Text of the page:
Right at the end of Bad Bunny’s latest album “El Último Tour Del Mundo,” Walter Mercado spews his famous phrase, “Y que reciban de mi siempre paz– mucha paz– pero sobre todo mucho mucho, amor.” I can’t help but smile and cry at the same time when I listen to it. “Antes que se acabe tó’ esto,” continues el Conejo, “voy a vivir mi vida, así me muero contento.”
Death, grief, and loss encompass the story of 2020. Even before the coronavirus pandemic was declared, fires raged in Australia, earthquakes trembled in Puerto Rico, and the 45th president of the United States threatened a war with Iran. By mid-March, the world we once knew completely changed. In fact, it was ending.
At Emperifollá, we quickly went back to the drawing board to rethink our role in the new reality. Why write and report on fashion, beauty, and culture when the world around us crumbled into a health, economic, and political crisis? The thing is that fashion, beauty, and culture are inherently political. These fields do not exist in a vacuum, but rather intersect on a daily basis with the human experience.
Photos by Maridelis Morales Rosado, Stephanie Stoddard Cortés, and Frances Solá-Santiago.
Amid the highs and lows of 2020, we tried to encompass the beauty and struggles of Latinx communities, even as we kept meeting virtually and have yet to share a team hug in person since March. We covered major pop culture moments like the comeback of “La Montra“ Rita Indiana and the release of Netflix’s Gentefied. We explored the complexity of Latinx identities through subjects like Muslim influencer Maria Alia, Swedish-born Babba C. Rivera, ballet dancer Helga París-Morales, and queer activist Samuel Olivares.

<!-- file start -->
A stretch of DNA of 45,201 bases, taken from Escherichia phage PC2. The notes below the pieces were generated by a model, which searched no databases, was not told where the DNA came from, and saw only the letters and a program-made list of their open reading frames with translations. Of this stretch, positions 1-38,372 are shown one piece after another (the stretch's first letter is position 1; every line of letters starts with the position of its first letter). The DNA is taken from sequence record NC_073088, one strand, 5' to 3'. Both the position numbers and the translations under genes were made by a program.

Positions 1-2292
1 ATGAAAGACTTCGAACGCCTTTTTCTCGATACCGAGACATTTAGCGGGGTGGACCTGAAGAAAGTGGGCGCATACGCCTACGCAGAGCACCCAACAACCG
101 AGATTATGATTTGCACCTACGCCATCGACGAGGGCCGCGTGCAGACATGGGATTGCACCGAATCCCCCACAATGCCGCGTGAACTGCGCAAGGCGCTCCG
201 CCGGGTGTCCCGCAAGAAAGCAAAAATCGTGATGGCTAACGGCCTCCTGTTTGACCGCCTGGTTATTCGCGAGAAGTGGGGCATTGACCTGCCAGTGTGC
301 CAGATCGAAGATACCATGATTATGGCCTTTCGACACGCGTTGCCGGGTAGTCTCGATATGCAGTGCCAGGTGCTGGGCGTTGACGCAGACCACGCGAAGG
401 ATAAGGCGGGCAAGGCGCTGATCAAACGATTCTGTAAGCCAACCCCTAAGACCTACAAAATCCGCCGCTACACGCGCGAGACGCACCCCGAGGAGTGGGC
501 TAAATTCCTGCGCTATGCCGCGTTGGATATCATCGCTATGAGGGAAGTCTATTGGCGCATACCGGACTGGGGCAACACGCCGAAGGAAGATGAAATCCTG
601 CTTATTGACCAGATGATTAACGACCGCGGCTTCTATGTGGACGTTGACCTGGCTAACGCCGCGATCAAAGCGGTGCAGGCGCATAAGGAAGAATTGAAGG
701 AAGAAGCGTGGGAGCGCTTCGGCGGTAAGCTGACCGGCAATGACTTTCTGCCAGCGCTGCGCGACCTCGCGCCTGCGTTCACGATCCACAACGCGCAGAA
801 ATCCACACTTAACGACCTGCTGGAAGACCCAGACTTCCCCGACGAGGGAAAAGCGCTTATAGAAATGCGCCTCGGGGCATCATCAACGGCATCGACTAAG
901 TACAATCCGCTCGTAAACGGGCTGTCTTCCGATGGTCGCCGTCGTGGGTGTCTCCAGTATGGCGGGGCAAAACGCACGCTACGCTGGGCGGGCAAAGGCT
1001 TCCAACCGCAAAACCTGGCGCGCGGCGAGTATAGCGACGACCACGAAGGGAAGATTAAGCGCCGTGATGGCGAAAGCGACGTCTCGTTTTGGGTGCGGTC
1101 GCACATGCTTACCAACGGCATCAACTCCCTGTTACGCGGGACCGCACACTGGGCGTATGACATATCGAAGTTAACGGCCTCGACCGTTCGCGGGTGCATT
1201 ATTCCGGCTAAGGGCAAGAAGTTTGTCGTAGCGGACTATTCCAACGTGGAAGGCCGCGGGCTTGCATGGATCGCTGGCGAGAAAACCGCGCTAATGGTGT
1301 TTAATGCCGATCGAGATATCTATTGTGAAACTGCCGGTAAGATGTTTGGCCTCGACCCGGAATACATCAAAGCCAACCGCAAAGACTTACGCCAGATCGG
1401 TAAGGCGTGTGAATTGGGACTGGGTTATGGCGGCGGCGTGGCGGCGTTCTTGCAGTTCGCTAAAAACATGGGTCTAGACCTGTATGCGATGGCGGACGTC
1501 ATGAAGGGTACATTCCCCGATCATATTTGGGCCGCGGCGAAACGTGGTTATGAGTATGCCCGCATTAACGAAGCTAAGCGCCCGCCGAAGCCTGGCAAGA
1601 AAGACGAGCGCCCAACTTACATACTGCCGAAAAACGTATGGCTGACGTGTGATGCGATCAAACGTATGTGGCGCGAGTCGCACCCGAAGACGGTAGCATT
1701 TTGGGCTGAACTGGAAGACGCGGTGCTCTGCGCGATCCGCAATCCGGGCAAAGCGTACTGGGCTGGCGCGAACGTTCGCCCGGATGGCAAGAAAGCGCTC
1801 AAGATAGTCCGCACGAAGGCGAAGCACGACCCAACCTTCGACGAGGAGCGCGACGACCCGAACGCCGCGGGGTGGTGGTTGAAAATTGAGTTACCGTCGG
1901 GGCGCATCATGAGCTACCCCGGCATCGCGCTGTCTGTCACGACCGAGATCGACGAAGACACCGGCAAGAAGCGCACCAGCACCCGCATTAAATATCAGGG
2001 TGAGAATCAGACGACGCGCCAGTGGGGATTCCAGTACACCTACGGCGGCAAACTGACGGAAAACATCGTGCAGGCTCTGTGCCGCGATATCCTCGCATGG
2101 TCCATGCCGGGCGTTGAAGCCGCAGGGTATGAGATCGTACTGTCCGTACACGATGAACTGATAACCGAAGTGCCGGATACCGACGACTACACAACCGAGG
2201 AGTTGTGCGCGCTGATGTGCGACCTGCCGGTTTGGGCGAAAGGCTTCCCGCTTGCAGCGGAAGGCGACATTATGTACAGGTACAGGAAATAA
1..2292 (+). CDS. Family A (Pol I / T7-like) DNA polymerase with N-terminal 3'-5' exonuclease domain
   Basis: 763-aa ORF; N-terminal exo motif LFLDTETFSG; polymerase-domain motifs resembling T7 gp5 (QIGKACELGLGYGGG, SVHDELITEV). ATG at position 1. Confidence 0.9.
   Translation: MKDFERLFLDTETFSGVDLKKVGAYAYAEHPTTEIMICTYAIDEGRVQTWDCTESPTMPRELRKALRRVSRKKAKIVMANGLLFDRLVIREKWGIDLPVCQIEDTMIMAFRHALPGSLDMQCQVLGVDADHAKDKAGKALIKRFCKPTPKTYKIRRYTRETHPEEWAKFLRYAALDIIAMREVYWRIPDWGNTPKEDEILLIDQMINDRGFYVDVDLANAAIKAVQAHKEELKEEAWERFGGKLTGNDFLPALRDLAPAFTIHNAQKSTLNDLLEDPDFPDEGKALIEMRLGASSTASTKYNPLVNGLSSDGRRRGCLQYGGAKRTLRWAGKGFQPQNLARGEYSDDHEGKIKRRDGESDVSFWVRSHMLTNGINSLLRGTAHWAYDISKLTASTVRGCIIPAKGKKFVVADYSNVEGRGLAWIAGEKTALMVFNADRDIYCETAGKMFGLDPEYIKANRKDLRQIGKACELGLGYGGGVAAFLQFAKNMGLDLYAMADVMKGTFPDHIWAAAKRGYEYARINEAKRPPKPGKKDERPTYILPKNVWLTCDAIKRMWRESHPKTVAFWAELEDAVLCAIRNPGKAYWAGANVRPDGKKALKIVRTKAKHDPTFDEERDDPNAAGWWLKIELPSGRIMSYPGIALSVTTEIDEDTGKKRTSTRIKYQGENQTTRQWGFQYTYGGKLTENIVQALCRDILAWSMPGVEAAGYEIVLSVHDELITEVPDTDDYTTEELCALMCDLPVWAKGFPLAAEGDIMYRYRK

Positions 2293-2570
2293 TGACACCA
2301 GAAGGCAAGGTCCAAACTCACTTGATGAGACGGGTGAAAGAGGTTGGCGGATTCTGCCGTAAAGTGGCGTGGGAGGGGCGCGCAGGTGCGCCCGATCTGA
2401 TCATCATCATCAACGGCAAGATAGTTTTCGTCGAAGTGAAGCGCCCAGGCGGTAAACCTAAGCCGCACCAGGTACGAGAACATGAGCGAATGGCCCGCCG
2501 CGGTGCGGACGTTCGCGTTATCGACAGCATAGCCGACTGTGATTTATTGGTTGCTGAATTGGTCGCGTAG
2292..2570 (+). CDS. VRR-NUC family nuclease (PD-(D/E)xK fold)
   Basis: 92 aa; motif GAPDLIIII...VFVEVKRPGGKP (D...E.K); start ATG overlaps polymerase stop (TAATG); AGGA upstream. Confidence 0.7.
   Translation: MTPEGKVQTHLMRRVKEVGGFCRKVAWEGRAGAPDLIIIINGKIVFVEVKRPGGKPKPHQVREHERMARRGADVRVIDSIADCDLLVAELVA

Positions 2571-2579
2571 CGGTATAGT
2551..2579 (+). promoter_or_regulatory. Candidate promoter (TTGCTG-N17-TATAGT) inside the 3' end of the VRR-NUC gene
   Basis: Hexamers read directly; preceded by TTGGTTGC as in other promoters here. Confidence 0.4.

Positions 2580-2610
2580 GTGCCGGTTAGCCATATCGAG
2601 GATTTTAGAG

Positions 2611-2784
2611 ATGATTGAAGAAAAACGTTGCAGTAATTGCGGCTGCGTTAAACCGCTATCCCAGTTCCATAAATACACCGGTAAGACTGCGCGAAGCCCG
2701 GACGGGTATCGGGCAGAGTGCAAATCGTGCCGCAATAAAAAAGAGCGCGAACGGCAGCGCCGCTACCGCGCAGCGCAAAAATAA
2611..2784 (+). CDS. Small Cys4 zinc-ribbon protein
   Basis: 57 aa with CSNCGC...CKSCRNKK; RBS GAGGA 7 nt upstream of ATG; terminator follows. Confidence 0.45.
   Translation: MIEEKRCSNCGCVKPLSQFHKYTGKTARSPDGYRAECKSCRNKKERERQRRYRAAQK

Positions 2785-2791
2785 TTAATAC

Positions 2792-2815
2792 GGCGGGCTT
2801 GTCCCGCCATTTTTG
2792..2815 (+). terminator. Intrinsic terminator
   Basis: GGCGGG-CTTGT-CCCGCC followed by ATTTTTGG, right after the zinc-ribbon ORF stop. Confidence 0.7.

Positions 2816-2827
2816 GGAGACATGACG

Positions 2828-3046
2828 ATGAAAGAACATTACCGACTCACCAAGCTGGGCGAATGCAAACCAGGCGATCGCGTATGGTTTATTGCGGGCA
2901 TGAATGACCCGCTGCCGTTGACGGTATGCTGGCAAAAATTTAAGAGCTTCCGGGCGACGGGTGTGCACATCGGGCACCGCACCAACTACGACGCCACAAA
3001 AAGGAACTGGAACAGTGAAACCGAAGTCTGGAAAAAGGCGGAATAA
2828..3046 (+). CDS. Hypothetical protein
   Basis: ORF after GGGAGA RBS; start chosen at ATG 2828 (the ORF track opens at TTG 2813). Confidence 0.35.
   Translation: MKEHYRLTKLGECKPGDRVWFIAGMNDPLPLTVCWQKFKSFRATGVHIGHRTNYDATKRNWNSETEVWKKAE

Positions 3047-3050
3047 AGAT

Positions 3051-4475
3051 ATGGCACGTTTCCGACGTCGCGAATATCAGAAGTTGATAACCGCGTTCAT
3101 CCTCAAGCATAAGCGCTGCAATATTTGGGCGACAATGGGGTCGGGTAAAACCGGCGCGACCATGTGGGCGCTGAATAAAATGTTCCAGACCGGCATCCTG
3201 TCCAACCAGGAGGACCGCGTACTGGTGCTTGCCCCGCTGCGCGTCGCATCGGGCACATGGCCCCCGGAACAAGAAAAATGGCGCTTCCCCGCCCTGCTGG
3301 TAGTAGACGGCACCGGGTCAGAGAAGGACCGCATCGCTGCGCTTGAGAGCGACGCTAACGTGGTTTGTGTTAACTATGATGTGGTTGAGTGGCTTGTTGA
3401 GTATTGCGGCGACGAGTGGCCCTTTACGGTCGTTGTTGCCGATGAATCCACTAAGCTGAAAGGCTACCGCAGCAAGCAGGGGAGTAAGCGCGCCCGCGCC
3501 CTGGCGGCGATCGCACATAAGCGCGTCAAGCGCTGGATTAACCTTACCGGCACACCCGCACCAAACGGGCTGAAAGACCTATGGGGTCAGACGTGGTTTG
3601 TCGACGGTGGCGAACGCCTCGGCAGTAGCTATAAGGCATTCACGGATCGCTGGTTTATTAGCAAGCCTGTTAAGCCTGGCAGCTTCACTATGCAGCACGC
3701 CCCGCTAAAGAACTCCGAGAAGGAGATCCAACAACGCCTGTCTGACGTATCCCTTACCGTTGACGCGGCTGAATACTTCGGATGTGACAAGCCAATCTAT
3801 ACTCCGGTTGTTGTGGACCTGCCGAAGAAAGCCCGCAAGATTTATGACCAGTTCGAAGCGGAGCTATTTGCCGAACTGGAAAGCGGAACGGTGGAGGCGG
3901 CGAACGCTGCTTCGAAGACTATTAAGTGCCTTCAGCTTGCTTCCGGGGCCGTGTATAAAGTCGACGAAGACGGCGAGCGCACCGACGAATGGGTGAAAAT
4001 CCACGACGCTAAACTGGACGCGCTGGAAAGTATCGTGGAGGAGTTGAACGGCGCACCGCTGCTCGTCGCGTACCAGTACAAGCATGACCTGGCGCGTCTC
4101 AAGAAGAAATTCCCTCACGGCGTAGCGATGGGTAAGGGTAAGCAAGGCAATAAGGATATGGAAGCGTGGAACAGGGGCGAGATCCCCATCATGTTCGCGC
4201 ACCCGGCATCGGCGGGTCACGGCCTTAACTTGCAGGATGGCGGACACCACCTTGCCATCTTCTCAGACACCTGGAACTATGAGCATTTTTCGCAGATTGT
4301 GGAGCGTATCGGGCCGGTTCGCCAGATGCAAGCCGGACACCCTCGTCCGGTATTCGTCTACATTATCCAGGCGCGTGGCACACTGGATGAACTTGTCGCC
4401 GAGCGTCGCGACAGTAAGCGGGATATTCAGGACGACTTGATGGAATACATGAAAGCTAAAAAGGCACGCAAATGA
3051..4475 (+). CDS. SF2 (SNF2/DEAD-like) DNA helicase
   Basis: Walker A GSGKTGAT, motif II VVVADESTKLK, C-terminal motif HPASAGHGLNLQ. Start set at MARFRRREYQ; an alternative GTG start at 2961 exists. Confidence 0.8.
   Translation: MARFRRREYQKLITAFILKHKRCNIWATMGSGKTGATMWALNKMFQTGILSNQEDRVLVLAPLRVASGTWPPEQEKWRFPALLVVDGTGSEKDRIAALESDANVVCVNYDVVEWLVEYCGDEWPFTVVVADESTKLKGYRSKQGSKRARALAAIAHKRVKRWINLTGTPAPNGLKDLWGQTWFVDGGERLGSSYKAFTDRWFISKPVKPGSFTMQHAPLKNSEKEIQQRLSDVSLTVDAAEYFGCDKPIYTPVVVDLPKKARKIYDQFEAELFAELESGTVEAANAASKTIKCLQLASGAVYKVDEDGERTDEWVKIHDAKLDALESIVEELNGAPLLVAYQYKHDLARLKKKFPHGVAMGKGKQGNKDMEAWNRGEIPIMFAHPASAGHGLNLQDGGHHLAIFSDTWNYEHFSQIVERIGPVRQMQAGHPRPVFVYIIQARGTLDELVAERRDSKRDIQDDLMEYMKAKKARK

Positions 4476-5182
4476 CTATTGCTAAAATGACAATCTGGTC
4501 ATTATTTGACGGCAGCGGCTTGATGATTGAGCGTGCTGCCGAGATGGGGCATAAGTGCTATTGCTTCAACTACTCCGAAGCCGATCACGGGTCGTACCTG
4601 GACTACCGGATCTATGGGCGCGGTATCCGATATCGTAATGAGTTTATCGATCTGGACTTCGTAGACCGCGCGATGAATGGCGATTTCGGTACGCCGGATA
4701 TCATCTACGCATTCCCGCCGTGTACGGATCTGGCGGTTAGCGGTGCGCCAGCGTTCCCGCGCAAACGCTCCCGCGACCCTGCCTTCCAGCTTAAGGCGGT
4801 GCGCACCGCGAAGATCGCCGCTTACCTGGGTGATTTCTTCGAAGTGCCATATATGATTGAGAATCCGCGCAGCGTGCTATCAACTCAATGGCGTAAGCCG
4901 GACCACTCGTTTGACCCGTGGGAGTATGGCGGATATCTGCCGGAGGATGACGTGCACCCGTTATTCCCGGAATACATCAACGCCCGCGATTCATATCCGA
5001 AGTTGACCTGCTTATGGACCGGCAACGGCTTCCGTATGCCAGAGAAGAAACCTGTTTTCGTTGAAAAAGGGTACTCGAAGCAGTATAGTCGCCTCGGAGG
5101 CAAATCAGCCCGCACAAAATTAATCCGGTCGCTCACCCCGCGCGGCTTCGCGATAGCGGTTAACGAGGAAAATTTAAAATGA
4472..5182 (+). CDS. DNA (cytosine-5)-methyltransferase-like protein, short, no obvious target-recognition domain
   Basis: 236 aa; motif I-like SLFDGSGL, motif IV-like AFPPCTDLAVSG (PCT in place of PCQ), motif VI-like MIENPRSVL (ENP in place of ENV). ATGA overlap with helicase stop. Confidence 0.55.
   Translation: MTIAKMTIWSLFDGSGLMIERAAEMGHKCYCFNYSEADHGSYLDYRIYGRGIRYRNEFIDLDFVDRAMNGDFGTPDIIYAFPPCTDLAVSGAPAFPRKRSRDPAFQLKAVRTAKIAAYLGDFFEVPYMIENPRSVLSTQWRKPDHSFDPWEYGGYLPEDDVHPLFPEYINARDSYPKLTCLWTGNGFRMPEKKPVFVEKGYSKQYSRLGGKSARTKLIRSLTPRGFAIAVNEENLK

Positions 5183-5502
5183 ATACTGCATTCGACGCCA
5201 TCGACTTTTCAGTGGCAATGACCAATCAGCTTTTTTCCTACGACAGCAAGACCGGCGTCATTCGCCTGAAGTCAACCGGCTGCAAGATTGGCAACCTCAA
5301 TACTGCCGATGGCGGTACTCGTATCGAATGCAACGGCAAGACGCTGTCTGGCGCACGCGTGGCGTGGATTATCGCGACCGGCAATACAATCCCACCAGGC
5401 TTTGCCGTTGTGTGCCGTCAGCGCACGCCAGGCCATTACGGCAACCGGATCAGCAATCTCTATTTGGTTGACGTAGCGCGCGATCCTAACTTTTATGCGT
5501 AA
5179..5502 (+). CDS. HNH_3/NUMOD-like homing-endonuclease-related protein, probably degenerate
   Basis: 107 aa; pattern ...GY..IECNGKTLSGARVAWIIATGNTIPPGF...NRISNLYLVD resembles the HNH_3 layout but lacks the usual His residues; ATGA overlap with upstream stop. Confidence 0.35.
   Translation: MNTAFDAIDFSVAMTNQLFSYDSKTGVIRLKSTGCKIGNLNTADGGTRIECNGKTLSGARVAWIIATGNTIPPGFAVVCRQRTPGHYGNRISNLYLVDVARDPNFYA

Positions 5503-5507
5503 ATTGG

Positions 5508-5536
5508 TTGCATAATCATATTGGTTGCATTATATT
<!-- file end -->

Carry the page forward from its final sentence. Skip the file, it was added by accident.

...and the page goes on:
In our December issue, we hope to highlight and explore the role of Latinxs in 2020. We’ll be covering issues like the fight against forced maternities in Latin America and the power of Latinxs in the United States election. Our issue will also explore the rise of two fashion items amid the pandemic– the face mask and the Crocs–, examining how human behavior drives trends and utilitarianism.
Our profile– coming later this month– will highlight the role of Latinx healthcare workers in our current pandemic. At a time when taking care of others becomes their sole purpose, it’s also important to examine how their own self-care routines and approach to style have kept them afloat this year. While some have found solace in doing their makeup underneath their masks, others simply cannot afford to do so as they navigate the complicated, grueling work of hospital work. The dualities of their realities are an essential object of study as we continue to understand and celebrate the importance of healthcare workers– beyond 2020.
The Latinx communities worldwide have been hit hard by this pandemic– physically, emotionally, and economically– posing real threats to our survival. Yet, aquí estamos.
I cannot thank our readers, collaborators, friends, and families enough for all your continued support as we’ve navigated this unprecedented time, trying to grow our platform, serve our communities, and take care of ourselves.
Adiós, 2020. Hasta nunca.